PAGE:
• There are no creatures at all worth running except for Hedron Crab and Ruin Crab. Nothing else is even remotely worth the effort of running, because nothing else really helps with the goal of milling your opponent.

  • Also something to be aware of, is that you need any card that is milling to get at least 8 cards from your opponents deck (try to compare mill spells as burn spell, except you need to do 53 damage instead of 20 - so the same way that burn can never justify running Shock, mill can never justify running Tome Scour). Any less than this, and you just end up empty-handed with your opponent still alive. So I would suggest ditching Mind Grind, Tome Scour, Traumatize, both the planeswalkers, and your artifacts. I would also say to get rid of Fraying Sanity because that card is just bad. Instead look to add things like Fractured Sanity, Maddening Cacophony and Archive Trap.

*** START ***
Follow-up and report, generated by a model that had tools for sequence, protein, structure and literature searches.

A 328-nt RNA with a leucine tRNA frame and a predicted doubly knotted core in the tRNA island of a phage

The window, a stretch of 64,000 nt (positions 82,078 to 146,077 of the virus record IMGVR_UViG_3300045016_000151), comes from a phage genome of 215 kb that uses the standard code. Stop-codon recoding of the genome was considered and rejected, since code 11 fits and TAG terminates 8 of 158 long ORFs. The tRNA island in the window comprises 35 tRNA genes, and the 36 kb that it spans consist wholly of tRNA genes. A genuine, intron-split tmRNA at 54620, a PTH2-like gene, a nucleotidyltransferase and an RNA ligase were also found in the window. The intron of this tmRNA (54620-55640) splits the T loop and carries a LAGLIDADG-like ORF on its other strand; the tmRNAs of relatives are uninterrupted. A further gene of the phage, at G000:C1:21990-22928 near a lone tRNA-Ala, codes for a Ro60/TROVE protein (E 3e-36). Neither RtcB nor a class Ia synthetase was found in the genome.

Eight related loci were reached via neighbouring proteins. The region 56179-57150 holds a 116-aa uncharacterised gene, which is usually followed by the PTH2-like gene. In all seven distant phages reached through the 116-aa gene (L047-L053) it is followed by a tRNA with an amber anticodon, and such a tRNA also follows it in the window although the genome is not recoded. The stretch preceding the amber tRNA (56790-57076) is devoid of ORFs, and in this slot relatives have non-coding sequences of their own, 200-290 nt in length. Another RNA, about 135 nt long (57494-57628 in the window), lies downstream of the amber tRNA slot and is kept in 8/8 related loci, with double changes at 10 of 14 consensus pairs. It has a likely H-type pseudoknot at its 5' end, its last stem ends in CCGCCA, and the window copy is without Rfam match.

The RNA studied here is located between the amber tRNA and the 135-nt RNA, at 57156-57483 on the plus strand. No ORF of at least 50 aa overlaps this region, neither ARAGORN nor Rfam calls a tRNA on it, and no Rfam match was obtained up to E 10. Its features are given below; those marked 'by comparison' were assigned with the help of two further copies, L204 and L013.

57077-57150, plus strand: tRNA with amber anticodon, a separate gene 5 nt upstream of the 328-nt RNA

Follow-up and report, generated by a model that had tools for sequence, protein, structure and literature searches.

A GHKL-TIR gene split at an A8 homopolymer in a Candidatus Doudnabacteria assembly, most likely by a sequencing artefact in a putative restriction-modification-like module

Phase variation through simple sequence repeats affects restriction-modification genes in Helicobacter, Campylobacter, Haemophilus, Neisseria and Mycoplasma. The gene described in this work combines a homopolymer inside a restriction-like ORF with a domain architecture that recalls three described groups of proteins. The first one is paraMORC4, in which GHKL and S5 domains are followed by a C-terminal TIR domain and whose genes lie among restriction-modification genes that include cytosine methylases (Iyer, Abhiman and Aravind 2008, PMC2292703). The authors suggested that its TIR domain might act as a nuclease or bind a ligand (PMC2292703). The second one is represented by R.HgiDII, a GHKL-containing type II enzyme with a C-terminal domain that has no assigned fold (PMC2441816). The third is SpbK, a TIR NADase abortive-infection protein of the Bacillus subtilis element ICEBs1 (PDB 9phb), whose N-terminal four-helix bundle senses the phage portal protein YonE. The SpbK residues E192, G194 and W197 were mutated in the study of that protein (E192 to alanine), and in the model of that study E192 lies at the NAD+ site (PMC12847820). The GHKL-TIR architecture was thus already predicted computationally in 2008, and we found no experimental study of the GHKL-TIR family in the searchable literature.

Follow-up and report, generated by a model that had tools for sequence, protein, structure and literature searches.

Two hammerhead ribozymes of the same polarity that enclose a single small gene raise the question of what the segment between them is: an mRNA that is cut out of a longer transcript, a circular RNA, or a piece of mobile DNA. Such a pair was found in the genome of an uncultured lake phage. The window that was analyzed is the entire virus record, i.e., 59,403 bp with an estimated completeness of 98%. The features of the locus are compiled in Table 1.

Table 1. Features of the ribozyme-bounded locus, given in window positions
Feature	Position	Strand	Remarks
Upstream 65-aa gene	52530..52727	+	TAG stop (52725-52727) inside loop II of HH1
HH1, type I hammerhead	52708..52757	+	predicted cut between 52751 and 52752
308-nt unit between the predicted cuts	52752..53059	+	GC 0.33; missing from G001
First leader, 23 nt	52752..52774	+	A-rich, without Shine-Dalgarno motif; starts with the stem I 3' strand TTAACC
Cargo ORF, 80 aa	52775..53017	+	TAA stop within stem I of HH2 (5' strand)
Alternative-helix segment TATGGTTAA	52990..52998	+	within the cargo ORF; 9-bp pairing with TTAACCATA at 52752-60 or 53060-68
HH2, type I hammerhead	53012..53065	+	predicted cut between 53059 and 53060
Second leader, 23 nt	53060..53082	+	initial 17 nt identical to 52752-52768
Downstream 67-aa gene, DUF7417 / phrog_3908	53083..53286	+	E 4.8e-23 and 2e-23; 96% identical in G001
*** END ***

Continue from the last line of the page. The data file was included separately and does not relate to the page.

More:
• You'll want a decent amount of interaction in the form of Surgical Extraction and Fatal Push, as well as Drown in the Loch. Crypt Incursion is also great to keep yourself alive longer

  • An example deck of how this looks here


If you're wanting to build a Combo Deck:

  • you'll want to up your copies of Mindcrank to a full playset. You also want ways to fetch both your combo pieces in the way of cards like Dimir Infiltrator and Muddle the Mixture, as well as draw spells like Consider or Serum Visions.

  • Duskmantle Guildmage is the only real creature you need to run, though its worth also considering Spellskite as a way to protect your combo pieces, and Vendilion Clique as either a way to fix your own hand, or mess with your opponents.

  • Your other cards should mainly be focused on ensuring your opponent can't disrupt what you're doing. Spell Pierce and Counterspell will be great here, as well as proactive cards like Inquisition of Kozilek. Because you only really want to slow your opponent down, stuff like Vapor Snag can be decent too (note this card can also start the combo triggering once you have the pieces in play).